Can a collection agency refuse to honor agreed upon arrangements without cause?

UPDATED: May 29, 2009

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Can a collection agency refuse to honor agreed upon arrangements without cause?

Received a call from a woman at an agency regarding a debt I owe. I was eager to pay down the debt, so we agreed on an amount and I gave her a post dated check via phone for the first payment, with the understanding that I would receive written confirmation prior to the check clearing. Next day, I get a call from another woman.. She said the agreement was not acceptable, I’d have to pay more and the first payment would have to be made in 24 hours. I told her I was in a hurry and unable to discuss it at the moment, she refused to end the call. She said I had to agree since I own a home. Legal?

Asked on May 29, 2009 under Bankruptcy Law, New Jersey


N. K., Member, Iowa and Illinois Bar / FreeAdvice Contributing Attorney

Answered 13 years ago | Contributor

Before you pay anything to the collection agency, you should receive any arrangement/agreement you make with them in writing. If not, you will keep experiencing what you already have: different calls from the agency demanding different terms.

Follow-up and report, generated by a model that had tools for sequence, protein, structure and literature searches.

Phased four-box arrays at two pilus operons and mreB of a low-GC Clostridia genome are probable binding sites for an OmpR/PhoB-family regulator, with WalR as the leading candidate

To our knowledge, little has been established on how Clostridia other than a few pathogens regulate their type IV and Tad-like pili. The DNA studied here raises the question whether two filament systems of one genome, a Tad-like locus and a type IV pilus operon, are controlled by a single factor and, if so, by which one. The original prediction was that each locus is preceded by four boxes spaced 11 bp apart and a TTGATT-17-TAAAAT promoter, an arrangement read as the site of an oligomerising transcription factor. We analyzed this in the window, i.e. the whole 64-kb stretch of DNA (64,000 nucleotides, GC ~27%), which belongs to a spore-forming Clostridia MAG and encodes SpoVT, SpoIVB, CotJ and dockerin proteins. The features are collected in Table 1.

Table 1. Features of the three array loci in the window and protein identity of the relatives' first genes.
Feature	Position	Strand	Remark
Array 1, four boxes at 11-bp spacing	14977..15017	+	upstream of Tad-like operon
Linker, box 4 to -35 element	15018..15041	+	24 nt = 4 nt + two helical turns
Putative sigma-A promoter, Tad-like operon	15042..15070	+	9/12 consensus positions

Collection agencies are in the business of collecting whatever they can and unfortunately they sometimes use tactics that are less than ethical. For this reason, make sure you write down everything that is said, the names of the people you speak to, and get written confirmation from the agency.

The written confirmation detailing an agreed-upon payment plan protects you later in case the agency wants to sue you in court claiming you are not paying the debt.

IMPORTANT NOTICE: The Answer(s) provided above are for general information only. The attorney providing the answer was not serving as the attorney for the person submitting the question or in any attorney-client relationship with such person. Laws may vary from state to state, and sometimes change. Tiny variations in the facts, or a fact not set forth in a question, often can change a legal outcome or an attorney's conclusion. Although has verified the attorney was admitted to practice law in at least one jurisdiction, he or she may not be authorized to practice law in the jurisdiction referred to in the question, nor is he or she necessarily experienced in the area of the law involved. Unlike the information in the Answer(s) above, upon which you should NOT rely, for personal advice you can rely upon we suggest you retain an attorney to represent you.

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